Dissolved Solutes Lower the Vapor Pressure of the Solvent Colligative properties are all caused by a decrease in the vapor pressure of the solvent. A solution has fewer solvent particles per volume than the pure solvent has, so fewer solvent particles are available to vaporize. Vapor pressure will therefore be decreased in proportion to the number of solute particles.
How Soap Works Soap molecules contain long non-polar hydrocarbon chains, which are soluble in the non-polar dirt and oils on your skin. Soap molecules also have negatively charged ends, which are soluble in the water you use to wash your hands. Soap: a substance that is used as a cleaner and dissolves in water.
Surfactants Soap is a surfactant. Surfactant: a compound that concentrates at the boundary surface between two immiscible phases, solid-liquid, liquid-liquid, or liquid-gas. A detergent is a surfactant that is used for cleaning purposes. Detergent: a water-soluble cleaner that can emulsify dirt and oil. Usually these are synthetic and not natural products. A soap is a particular type of detergent and a natural product.
Surfactants Soap is an emulsifying agent. Emulsion: any mixture of two or more immiscible liquids in which one liquid is dispersed in the other. An emulsifying agent links the polar and non- polar phases. Without an emulsifying agent, polar and non- polar molecules remain separate. Lecithin is an emulsifying agent that is used in salad dressing to keep the oil and vinegar mixed.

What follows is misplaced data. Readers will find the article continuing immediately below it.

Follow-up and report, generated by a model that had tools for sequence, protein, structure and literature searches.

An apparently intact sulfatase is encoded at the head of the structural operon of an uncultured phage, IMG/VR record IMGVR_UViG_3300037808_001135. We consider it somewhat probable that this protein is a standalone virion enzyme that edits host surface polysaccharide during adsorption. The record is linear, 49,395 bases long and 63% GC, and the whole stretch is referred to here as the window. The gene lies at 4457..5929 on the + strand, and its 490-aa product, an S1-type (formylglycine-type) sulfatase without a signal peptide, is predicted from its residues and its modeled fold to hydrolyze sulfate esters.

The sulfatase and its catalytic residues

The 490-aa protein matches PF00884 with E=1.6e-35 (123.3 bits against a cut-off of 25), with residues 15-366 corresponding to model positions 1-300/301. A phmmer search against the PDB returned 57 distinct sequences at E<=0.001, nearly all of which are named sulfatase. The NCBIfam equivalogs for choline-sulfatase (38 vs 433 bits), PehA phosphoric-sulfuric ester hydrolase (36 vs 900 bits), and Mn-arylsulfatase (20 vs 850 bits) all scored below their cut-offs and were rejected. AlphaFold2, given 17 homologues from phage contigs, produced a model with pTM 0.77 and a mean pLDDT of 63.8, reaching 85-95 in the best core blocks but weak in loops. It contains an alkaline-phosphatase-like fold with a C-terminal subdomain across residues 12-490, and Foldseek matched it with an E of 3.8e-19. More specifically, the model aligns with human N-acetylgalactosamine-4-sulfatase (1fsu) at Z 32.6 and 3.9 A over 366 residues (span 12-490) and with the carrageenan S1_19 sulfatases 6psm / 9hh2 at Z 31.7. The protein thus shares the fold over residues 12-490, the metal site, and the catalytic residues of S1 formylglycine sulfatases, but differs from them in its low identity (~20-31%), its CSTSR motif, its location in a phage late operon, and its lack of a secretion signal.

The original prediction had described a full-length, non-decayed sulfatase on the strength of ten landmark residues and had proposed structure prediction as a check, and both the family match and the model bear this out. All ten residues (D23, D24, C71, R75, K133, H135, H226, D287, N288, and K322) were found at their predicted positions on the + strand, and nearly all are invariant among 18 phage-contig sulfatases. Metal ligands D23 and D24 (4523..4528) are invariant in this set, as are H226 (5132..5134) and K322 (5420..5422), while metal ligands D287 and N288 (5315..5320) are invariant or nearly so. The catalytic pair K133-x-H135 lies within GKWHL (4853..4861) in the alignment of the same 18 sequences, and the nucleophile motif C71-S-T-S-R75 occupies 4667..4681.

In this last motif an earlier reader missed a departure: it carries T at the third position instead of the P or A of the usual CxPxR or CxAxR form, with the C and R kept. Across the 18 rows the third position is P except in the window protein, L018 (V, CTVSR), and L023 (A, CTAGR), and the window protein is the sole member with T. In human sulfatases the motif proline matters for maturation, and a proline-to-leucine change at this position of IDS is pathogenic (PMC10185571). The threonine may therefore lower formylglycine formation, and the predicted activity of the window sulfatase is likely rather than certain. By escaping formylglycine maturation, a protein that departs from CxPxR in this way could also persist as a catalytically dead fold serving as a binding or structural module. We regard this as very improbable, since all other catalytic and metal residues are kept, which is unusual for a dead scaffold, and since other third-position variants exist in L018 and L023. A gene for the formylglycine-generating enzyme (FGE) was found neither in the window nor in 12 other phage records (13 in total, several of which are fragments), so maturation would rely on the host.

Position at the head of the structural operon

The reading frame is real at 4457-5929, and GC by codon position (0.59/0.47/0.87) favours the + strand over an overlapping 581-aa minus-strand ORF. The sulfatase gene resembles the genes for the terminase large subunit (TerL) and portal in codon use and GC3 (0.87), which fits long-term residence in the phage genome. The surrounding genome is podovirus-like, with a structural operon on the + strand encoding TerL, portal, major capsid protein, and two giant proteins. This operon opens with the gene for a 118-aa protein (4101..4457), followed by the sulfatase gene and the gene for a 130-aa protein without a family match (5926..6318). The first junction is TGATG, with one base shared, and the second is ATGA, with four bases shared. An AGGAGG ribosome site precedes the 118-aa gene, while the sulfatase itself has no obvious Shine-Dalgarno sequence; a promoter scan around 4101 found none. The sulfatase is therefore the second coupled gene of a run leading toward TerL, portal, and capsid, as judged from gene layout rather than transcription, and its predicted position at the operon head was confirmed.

Soaps are Actually Salts Like other salts, when dissolved, soaps form ions. Unlike other salts, the polyatomic anion of soap contains a long non-polar part. It is this non-polar hydrocarbon chain that is soluble with oils and dirt.
Hard Water Limits Soap’s Detergent Ability Soaps are not ideal cleansing agents because the salts of some of their anions are insoluble in water, especially salts of calcium, magnesium, and iron(II). Hard water has high concentrations of these cations, which react with anions such as the palmitate anion to form insoluble salts. This is where bathtub scum comes from.
Synthetic Detergents Outperform Soaps in Hard Water Synthetic detergents can be used in hard water without forming precipitates and scum. Today, almost all laundry products and shampoos contain synthetic detergents. The basic structure of a synthetic detergent is the same as the structure of a soap. The long non-polar tail of the detergent is connected to the salt of a sulfonic acid which does not form insoluble precipitates with magnesium or calcium, which are found in hard water.
Homework Section review, pg. 486: #1-10 Concept review: “Physical Properties of Solutions” *Quiz next time over this section* Next Time: Mrs. Klima/Work Day Quiz/Chapter Review/Concept Review/3Q Assessment